By Wilhelmina Randtke and Matthew D. Burrell
This article describes tools for managing links in SpringShare’s LibGuides, a popular web platform for libraries. LibGuides includes a built-in link checker for only some links. Instructions are provided on how to run an automated link checker on all links within a single guide. Persistent Uniform Resource Locators (PURLs), hyperlinks which are maintained centrally and rarely break, are recommended for library electronic resources. Special consideration is given to the fact that many libraries using the LibGuides platform may not have easy access to in-house information technology (IT) personnel. A method is presented for implementing PURLs entirely within the LibGuides platform.
The LibGuides Platform.
LibGuides is a popular platform which allows librarians to create simple web pages using standard templates. The LibGuides community directory at http://libguides.com/community indicates 2,823 libraries have created 218,355 research guides published in LibGuides as of January 2012. LibGuides is marketed as an online replacement for paper pathfinders, or lists of research sources for a particular topic.
In the summer of 2009, Florida State University (FSU) Libraries purchased LibGuides. Since its implementation, librarians at FSU have used LibGuides extensively and now feature 170 guides available on the libraries’ website.
LibGuides allows easy content creation.
FSU’s overall experience with LibGuides has been positive. Librarians appreciate having the ability to manage their own content and be able to simply modify their pages when they see the need. Web Development staff appreciate that an account can be quickly created and managed. LibGuides provides a way for librarians to identify and fix problems with outdated content instantly by editing content in the guide. This eliminates the necessary additional time which may occur on the libraries’ websites where only a small group of staff has the ability to update content.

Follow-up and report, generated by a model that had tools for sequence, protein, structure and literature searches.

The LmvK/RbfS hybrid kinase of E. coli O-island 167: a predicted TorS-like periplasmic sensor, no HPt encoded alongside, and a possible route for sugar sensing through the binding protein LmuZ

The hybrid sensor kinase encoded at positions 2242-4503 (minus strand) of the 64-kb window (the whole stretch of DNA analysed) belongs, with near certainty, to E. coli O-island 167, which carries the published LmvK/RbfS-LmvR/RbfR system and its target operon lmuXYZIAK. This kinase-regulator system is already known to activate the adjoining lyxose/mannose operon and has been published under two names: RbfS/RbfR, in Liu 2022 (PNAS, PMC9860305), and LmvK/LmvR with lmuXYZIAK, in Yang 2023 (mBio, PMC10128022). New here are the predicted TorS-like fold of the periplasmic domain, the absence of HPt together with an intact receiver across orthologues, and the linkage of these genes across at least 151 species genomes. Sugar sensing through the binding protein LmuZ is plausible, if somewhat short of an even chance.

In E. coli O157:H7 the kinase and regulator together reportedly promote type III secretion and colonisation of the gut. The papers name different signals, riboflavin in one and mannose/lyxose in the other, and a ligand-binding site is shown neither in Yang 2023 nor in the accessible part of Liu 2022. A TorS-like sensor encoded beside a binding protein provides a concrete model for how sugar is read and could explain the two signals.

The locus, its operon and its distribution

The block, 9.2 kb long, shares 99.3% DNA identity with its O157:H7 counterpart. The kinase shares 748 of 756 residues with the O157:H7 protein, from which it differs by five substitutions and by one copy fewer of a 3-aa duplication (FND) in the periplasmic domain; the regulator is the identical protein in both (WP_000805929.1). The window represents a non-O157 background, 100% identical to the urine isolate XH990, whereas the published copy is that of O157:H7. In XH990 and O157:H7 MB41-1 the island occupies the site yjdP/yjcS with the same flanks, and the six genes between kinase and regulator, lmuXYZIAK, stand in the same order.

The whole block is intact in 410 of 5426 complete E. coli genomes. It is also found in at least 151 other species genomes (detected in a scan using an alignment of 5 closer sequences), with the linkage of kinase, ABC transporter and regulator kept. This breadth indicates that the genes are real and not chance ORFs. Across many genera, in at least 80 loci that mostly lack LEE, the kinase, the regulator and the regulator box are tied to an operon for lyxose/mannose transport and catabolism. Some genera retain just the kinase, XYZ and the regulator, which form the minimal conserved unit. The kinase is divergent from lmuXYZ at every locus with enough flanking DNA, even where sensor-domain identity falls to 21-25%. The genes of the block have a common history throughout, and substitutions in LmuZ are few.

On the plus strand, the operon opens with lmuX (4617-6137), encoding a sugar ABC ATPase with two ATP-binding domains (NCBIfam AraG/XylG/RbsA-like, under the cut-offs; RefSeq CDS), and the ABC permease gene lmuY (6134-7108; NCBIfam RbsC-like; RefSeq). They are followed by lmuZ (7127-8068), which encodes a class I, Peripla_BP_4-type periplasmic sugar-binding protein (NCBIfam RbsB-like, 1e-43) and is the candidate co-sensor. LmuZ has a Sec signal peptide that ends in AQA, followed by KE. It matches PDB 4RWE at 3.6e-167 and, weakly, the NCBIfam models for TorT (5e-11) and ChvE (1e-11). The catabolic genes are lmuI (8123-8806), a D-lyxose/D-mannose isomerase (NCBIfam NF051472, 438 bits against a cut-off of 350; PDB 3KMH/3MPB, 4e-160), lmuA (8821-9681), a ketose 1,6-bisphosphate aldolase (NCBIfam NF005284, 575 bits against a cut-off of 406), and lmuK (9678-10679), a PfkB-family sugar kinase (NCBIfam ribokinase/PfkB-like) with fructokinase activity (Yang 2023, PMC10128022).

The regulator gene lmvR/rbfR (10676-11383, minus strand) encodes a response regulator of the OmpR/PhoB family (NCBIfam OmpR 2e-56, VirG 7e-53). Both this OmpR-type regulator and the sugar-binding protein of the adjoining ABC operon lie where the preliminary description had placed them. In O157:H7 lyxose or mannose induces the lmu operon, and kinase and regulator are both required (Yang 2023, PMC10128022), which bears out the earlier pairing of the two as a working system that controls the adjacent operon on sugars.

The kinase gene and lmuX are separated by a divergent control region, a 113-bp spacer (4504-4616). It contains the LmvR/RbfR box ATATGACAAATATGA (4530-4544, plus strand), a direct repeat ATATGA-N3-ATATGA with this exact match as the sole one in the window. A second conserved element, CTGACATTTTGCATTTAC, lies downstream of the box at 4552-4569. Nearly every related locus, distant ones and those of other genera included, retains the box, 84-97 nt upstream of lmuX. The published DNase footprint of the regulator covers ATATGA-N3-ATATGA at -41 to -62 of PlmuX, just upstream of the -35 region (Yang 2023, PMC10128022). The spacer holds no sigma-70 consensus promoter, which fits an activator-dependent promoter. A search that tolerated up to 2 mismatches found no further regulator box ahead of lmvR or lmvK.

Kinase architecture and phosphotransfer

Ease of use and management is significant in light of the fact that many libraries do not have an in-house Information Technology (IT) staff or full time website staff within the library, and may need to rely non-library staff for IT services. While FSU Libraries has a dedicated in-house IT and Web Development team, FSU Libraries recognize that LibGuides is especially valuable for libraries which are not equipped to set up and run a web server.
LibGuides presents universal problems in content maintenance.
One of the emerging problems as FSU Libraries’ LibGuides system matures is broken links, or link rot. As online content relocates and uniform resource locators (URLs) for electronic resources change, links break. Link rot is a universal problem when dealing with online content.
This article seeks to describe ways in which FSU Libraries manage and prevent broken links in the libraries’ LibGuides system, and to give step-by-step instructions on link maintenance which can be implemented by libraries either with or without a dedicated IT and web team.
Pitfalls of relying on LibGuides built-in link checker
LibGuides has a built-in link checker. To get to this a librarian can log into LibGuides, click “My Admin” in the top right corner, and click “Link Checker” at the bottom of the column in the center of the screen.
LibGuides’ link checker has some disadvantages. First, according to the small print explanation at the top of the list of broken links provided by the link checker, “It can only check links that are added within the following box types: Web Links, Links & Lists, Dates & Events, RSS Feeds, Podcasts, Books, User Submits, and Polls. Links entered through the rich text editor are not checked.”
Links in bulleted lists will be checked. However, other links will not. A link inserted in the text of a paragraph cannot be checked using the LibGuides interface. Examination of LibGuides included in the directory at http://community.libguides.com demonstrates that it is common for links to be placed in paragraphs of text in the LibGuides system. When links are placed in a paragraph, rather than in a bulleted list, LibGuides provides no link maintenance tools, and libraries need to find other avenues to identify broken links.